The leaders apologized for not having a real send off party for us. While I think they were speaking the truth, it also felt like they were ushering an embarrassing epoch for their community discreetly out the door. I though about our gloriously hailed arrival, the firecrackers and bombas, roses, the formal dinner. Honestly, they were celebrating what they believed to be the faces of money coming into their community, a promise from the North. I wondered if I was just being naive thinking that this quieter goodbye was a sign that they understood, at least in some small way, that we aren’t the faces of money; we’re just Emily and Jaime. We expected a lot of the community before we gave them anything they could touch or hold. They messed up, and they are embarrased, but not entirely ungrateful. Tears were shed, yet again. But it was a strange hour or so, and we were relieved when it came to an end.

Our last night, just like our first, was spent around the fire in our host family’s kitchen. That first evening, Delmi was not even a year old and I had to learn the Q’anjob’al phrase tz’ebatx nena before she sat stoically on my lap staring straight ahead. On our last night, she was stuck to my side until moments before she fell asleep with her grandmother. I think she knew. Reyna told me the week before she’d been trying to explain our departure to her, but wasn’t really sure how much she understood.

We had soup and tortillas and chocolate cake at the end. But then there were words. Everyone shared their words. It took over an hour, and I never could look at Nas, but there were no dry eyes anywhere else. We gave a children’s book with a little inscription inside to each of the kids; I tried to pick out their favorites (which were quite conveniently all different). We gave our book on the history of Santa Eulalia to Nas to keep (I ordered myself one of the two English copies we could find on Amazon a few weeks earlier). We also left the family with 400 trees and a written statement that our wood burning stove and our gas stove/oven would go to the family after volunteers were done using them.

This evening was the first time we ever talked with the entire family about Galindo’s suicide attempt. Lina thanked us for helping them through that time. Galindo thanked us personally, and told us we’d helped him to grow, to be more mature, and to be more open with people. His sister Lina said we’d helped her talk more to people and share more. Chalio and Alberto’s father thanked us for the short time we’d shared with him since he returned from the US, but broke down into tears telling us thank you for all we’d shared with his sons. Their mother, Gela, cried throughout the whole thing. For two years she’s always apologized and said, through her mother’s translating, how much she would like to talk to us but is so embarrassed about her lack of Spanish. It makes me feel bad that I never got better at Q’anjob’al. Maybe the next volunteers will do better. Reyna, who refused to cry through Galindo’s ordeal, who told me she wouldn’t shed a tear unless he died, god forbid, could hardly speak she was crying so hard. I think she liked that she had the freedom to just be friends with Jaime, in a way that is not possible with any man here. Obviously she and I were also good friends, and the fact that we showered her children with love and adoration and stories and games was something she thanked us for. But really, I feel like we owe them more than we ever gave.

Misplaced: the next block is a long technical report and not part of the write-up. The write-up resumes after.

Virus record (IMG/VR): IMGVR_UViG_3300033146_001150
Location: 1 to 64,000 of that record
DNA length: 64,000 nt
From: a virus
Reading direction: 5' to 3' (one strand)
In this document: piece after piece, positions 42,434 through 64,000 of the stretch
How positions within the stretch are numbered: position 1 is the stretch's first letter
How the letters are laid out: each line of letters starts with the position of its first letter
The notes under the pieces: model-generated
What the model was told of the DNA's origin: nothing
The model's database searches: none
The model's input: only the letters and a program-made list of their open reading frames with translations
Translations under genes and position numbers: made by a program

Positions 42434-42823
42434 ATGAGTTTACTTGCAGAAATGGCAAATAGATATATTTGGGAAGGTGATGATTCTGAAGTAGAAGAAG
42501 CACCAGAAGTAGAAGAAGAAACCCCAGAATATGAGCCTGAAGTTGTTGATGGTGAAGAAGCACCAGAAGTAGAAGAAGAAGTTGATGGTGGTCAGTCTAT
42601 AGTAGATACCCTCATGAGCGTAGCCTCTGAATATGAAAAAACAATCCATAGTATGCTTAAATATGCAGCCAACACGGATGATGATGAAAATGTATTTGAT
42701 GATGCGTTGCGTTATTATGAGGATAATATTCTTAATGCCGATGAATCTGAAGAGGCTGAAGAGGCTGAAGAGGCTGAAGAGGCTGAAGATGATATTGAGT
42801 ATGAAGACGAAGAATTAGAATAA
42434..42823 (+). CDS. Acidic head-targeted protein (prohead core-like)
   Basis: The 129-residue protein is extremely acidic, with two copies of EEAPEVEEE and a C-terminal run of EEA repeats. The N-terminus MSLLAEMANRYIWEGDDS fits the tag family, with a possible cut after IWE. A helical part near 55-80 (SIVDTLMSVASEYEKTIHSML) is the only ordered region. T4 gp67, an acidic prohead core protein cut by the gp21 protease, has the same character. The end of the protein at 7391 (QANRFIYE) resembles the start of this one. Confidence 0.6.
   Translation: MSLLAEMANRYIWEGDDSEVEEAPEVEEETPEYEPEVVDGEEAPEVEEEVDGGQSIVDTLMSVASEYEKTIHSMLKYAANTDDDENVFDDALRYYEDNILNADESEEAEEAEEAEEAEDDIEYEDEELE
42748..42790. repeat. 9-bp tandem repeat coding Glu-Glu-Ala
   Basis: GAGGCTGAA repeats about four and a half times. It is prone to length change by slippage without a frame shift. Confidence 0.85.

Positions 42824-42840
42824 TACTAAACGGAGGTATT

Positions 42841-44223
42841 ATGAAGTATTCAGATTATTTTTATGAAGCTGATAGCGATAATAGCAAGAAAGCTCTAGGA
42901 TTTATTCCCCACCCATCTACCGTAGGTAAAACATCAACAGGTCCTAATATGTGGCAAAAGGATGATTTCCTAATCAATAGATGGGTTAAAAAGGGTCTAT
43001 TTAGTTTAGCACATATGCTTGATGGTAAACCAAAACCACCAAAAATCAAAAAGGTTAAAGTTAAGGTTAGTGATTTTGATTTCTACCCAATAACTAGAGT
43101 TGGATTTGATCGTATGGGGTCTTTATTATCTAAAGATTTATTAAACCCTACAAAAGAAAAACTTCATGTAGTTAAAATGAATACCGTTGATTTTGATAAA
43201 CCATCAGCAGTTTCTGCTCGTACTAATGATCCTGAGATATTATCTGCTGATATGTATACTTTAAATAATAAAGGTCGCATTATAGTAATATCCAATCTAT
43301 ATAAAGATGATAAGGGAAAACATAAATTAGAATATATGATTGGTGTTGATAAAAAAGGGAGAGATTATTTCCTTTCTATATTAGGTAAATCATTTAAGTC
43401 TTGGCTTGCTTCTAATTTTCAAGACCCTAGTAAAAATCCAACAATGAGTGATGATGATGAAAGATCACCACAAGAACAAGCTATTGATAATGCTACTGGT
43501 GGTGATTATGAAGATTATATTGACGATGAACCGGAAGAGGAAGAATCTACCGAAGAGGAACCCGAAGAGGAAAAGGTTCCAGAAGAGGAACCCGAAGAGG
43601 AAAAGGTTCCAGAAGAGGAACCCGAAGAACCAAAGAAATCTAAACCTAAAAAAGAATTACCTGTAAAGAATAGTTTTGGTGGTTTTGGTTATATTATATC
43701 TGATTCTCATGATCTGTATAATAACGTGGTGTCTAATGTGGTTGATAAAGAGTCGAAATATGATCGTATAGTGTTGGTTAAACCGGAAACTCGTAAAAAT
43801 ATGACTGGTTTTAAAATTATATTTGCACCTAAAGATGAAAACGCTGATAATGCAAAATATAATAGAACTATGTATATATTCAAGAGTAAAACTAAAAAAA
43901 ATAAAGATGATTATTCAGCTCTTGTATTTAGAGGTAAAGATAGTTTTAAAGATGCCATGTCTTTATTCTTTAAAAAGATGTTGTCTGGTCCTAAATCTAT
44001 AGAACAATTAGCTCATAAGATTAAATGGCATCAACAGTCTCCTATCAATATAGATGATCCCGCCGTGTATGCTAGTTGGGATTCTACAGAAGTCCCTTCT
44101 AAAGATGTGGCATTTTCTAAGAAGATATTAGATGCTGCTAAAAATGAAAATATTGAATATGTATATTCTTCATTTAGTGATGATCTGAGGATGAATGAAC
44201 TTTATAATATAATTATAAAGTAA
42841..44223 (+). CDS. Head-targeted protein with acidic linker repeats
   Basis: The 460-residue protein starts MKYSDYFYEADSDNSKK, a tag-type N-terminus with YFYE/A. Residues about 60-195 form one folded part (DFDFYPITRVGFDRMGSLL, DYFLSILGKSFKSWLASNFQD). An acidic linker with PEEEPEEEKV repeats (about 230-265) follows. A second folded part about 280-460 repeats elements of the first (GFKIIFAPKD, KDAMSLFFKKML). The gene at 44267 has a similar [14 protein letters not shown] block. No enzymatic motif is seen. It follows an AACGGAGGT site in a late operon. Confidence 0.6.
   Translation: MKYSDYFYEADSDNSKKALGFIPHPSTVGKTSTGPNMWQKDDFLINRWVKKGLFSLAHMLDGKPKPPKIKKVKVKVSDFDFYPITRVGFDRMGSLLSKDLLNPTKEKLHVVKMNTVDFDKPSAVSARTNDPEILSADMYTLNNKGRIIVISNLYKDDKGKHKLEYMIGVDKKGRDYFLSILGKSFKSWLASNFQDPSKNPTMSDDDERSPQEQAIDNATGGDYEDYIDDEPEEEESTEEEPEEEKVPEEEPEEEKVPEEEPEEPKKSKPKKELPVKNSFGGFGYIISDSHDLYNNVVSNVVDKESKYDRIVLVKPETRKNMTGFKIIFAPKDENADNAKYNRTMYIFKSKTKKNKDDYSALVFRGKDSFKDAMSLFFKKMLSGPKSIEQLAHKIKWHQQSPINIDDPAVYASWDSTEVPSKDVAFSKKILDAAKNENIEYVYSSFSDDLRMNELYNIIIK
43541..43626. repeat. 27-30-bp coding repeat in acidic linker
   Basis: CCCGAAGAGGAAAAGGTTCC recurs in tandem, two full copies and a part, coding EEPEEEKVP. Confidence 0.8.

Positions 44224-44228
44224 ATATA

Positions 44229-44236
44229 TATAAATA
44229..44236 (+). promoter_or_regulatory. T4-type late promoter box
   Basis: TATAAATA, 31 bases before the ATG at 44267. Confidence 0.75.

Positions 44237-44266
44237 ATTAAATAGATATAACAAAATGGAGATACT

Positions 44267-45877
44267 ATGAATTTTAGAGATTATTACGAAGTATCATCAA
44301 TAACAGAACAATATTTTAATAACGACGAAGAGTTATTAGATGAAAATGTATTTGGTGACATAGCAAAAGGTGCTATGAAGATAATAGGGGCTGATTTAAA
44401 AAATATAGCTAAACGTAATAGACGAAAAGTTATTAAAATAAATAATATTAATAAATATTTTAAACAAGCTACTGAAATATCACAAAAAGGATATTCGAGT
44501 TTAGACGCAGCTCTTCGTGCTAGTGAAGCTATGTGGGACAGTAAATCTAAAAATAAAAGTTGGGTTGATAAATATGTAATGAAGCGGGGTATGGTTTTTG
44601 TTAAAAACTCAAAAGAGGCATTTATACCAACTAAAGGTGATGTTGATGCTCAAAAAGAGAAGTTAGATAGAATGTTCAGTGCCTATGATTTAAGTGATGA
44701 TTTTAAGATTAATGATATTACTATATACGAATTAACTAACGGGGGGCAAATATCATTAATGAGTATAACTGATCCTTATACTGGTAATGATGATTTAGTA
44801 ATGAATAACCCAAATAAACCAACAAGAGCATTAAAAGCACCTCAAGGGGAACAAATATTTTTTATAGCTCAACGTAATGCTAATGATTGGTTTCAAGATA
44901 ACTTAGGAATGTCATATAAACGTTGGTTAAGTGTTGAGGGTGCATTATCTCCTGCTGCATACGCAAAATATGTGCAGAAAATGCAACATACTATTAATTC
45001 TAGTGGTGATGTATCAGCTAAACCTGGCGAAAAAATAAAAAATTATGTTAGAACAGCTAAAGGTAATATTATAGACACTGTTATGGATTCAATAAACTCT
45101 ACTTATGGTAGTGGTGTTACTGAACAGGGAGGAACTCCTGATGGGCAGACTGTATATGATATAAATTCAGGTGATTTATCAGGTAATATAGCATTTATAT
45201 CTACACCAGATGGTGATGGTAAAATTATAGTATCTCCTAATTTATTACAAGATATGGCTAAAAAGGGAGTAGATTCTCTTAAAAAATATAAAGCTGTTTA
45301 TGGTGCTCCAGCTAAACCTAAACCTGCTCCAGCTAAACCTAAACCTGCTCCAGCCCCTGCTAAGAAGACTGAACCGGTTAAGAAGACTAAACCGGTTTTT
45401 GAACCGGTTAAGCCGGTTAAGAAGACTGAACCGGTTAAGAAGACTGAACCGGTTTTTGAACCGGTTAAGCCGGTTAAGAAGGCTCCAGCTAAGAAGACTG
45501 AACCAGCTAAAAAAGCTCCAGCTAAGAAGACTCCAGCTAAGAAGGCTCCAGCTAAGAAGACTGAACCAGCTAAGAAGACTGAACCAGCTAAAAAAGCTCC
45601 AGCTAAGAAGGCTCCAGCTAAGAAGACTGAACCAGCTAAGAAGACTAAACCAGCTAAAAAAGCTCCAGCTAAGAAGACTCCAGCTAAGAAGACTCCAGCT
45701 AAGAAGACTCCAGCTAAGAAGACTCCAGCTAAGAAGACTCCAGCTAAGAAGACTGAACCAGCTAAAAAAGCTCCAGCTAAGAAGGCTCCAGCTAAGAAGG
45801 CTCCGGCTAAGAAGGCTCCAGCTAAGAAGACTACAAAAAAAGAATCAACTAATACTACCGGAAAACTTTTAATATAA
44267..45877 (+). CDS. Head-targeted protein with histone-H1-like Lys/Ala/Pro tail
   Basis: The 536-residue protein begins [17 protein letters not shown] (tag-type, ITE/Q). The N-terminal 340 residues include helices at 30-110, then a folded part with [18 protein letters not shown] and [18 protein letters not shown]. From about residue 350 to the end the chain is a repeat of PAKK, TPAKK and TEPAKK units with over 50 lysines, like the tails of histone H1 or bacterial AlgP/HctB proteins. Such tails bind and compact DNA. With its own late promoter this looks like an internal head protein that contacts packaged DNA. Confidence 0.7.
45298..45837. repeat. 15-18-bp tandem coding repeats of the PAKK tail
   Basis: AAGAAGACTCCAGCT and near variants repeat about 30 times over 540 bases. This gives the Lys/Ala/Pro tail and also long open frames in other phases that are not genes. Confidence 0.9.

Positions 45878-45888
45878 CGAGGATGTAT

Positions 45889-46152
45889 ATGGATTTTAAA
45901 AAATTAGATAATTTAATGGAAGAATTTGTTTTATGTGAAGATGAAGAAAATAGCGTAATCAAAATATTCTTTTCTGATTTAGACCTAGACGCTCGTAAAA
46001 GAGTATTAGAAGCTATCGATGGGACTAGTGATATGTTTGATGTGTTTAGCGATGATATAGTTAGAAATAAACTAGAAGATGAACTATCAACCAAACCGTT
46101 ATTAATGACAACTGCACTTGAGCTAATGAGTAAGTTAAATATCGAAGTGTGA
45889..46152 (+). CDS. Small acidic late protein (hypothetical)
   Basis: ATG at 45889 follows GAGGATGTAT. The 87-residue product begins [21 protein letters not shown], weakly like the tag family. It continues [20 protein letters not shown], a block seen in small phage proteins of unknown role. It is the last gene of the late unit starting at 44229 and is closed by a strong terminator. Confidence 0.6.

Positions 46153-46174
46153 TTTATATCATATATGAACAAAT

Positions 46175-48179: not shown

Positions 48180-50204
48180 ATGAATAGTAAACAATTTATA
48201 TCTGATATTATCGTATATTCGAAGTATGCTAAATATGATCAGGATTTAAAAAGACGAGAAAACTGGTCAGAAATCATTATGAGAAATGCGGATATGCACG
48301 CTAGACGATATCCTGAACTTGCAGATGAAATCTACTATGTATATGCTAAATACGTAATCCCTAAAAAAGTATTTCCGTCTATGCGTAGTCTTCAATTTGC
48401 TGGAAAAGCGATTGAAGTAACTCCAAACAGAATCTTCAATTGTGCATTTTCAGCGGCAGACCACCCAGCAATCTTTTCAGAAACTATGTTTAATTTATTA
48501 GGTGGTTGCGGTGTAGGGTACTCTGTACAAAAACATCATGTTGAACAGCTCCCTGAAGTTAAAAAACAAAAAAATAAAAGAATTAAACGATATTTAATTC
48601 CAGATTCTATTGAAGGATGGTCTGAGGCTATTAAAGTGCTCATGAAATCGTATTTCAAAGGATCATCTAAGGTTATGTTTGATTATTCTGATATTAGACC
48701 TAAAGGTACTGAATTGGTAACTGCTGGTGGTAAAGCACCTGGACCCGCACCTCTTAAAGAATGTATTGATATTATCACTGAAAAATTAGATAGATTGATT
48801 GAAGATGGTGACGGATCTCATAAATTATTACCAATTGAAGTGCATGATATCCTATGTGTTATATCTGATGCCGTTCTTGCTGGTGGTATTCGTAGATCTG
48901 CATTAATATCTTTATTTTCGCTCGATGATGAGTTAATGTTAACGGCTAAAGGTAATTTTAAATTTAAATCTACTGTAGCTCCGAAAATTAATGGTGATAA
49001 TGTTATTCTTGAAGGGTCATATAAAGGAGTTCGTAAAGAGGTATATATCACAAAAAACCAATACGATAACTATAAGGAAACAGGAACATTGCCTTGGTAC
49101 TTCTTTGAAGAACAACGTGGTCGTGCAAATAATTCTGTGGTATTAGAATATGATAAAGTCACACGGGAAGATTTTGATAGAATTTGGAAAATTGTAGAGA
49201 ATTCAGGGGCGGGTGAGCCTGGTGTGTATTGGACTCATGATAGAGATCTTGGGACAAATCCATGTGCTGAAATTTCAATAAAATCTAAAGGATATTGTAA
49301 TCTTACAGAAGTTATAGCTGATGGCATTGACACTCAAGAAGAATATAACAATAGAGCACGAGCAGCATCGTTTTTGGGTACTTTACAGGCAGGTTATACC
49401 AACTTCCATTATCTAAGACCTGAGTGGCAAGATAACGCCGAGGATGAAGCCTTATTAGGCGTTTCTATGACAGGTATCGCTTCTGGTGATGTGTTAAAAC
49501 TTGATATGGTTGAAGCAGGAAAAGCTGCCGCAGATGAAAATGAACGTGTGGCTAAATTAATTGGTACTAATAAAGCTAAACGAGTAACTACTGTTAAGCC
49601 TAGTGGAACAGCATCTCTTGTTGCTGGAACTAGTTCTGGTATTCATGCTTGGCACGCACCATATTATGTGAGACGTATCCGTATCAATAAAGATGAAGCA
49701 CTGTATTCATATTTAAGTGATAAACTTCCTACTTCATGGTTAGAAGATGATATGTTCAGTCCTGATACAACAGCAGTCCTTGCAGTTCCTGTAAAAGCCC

This family has been so amazing. I mean, my family at home has always had an inclusive philosophy. Really, when you start at base 10, what’s one more person? But it moved me further to see that attitude in complete strangers who, on the surface, appear to be have so many more differences than similarities to us. The truth is, they are really much more similar than different. I hope the door to our home always remains wide open for whoever is interested in coming in, sharing a meal, and talking for awhile just like theres was for us.

IMG_0004SM.jpgI told the family I’ve never felt so much like a mother in my life, not even to my nieces and nephews at home. From across the cornfield, whenever the wailing wound up like a tornado siren, I could tell in two seconds which child it was. I love them all, especially Michelle and Delmi, but extra especially Delmi. A week or so before we left, the two girls were over at the house and I was reading Curious George Rides a Bike. I burst into tears, unexpectedly, and they looked at me not afraid but just slightly alarmed. I looked at Michelle who always seems to understand what I say even though she can’t respond in Spanish and said, “I’m only crying because I’ll miss you. I have to go home to my family, but I don’t want to leave you either.” She climbed down from the trunk she was sitting on and hugged me. Just for my own sake I continued, “So you’re going to grow up and study hard and be really smart right?” and she said hinye, which means ok. “And you’re always going to be good friends with Delmi and take good care of your mother, right.” She nodded yes and said hinye again. I gave her another hug, and then she said, “Let’s go, Delmi,” in Q’anjob’al and I started laughing. It was as though she was saying, “We gotta get away from this crazy lady!” But honestly, I feel, and this is so cheezy to say, but I feel like they’ve made my heart bigger. They’re innocent and hopeful and so intelligent. It makes me understand in a sense how easy it would be to adopt a child, not talking about paperwork or money, but how really bringing a child into your home and loving him or her all you can would really be kind of easy. It’s like they draw the love out of you, whether you knew it was there or not.